The Brissago Islands are one of Ticino’s most magical places - a small subtropical paradise on Lake Maggiore that is easily accessible by boat. Thanks to their location, the islands benefit from a particularly mild climate that has facilitated the growth of unique vegetation. Recalling enchanted atmospheres, the landscape is covered in rare majestic trees, luxuriant shrubs, ferns and scented flowers. About 2,000 species of plants from the Mediterranean region, Asia, Africa, the Americas and Oceania populate the park.
The Island to visit is the Isola Grande (Big Island), also known as San Pancrazio. Particularly striking are the areas with the Roman baths, the panoramic viewpoint at the extremity of the island, the thick reed grove and the small beach. The excursion allows visitors to walk through typical habitats from the Australian, Asian and African continents and, not to be missed, the section reserved for Mediterranean vegetation. Also in the park are species typical of the Insubrica region that have been planted or have grown naturally. The park covers a surface of 25,000 square meters and is home to 2,000 species of flora, often unique in Switzerland.
The smaller of the islands called Isola di Sant’Apollinare o Isola dei conigli (Saint Appollinare Island or Rabbits’ Island) is not open to the public. It presents native vegetation and conserves the ruins of an ancient church.
The park was the idea of Russian Baroness Antoinette de Saint Léger who purchased the island in 1885. She transformed the property into her home attracting renowned writers, musicians and painters. The Big Island became an exotic garden where the Baroness planted numerous species of flora until then unknown in the region such as the Japanese palm tree (Trachycarpus fortunei), today a common sight all across central and northern Ticino.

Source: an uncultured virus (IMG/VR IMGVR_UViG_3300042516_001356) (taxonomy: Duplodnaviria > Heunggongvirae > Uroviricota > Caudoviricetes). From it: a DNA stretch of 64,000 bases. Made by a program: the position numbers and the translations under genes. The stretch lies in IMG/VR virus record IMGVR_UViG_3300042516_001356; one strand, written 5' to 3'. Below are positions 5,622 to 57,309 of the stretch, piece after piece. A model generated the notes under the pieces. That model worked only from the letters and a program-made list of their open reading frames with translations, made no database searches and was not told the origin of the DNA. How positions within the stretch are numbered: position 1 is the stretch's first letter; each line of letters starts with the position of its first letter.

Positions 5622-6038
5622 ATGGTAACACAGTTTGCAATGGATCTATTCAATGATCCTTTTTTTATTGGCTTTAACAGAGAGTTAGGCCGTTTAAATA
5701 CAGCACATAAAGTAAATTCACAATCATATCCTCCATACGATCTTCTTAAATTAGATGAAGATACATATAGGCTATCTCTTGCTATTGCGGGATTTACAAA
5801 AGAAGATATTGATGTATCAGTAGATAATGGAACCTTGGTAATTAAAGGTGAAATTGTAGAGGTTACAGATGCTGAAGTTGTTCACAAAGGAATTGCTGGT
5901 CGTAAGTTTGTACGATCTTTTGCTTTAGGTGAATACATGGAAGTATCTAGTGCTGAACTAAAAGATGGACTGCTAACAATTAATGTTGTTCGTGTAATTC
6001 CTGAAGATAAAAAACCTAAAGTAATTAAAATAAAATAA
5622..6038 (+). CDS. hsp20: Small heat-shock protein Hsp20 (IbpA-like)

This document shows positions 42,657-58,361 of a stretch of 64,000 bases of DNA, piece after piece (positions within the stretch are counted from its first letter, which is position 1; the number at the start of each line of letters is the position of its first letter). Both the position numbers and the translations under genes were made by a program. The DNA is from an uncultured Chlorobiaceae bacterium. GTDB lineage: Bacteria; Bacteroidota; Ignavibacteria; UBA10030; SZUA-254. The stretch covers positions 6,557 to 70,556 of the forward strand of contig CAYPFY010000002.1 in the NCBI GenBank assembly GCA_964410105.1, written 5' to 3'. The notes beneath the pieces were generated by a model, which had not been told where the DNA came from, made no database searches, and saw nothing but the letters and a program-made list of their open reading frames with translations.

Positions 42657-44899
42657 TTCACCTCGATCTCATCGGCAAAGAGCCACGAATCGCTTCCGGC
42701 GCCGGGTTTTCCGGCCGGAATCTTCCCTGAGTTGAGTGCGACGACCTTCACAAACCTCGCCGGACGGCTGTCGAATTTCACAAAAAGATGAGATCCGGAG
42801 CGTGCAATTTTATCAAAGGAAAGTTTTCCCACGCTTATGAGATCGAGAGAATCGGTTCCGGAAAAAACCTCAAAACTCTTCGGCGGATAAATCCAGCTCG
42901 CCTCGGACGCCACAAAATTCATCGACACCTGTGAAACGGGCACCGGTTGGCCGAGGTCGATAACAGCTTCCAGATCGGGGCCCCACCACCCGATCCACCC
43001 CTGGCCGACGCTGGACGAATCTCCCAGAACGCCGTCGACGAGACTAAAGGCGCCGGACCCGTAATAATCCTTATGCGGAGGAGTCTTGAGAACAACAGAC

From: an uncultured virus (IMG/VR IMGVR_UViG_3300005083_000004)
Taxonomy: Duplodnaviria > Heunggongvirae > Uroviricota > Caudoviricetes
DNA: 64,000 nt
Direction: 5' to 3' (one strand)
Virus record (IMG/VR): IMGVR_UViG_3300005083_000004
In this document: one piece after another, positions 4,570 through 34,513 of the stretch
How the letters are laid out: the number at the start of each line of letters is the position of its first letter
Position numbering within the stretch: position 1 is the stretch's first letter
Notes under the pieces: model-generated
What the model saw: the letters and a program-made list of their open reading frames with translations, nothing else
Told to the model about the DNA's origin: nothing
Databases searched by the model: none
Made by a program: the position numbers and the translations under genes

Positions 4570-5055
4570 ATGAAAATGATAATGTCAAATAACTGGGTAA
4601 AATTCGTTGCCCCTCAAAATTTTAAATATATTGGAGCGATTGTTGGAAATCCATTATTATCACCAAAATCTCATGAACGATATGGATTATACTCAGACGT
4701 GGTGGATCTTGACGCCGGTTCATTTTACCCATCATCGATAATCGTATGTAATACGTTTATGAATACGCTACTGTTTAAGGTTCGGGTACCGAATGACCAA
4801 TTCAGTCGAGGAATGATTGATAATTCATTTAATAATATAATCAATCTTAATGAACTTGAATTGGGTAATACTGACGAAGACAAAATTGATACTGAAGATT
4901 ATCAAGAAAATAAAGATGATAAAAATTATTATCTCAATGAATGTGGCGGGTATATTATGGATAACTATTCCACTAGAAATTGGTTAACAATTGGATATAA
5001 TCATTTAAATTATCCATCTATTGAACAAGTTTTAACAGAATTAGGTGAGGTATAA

After losing all her wealth, the Russian aristocrat sold both islands to the rich Hamburger merchant Max Emden in 1927. He proceeded to build the imposing palace, the boat house and the Roman baths living a flamboyant lifestyle. The initial design of the botanic park was generally respected and enlarged. Undisturbed over the years, the plants form groups, backgrounds and captivating perspectives.
In 1949, the Brissago Islands were purchased by a public Foundation and the Big Island became Ticino’s Botanical Park. Since then over 4 million visitors have enjoyed the beauty of this island on Lake Maggiore.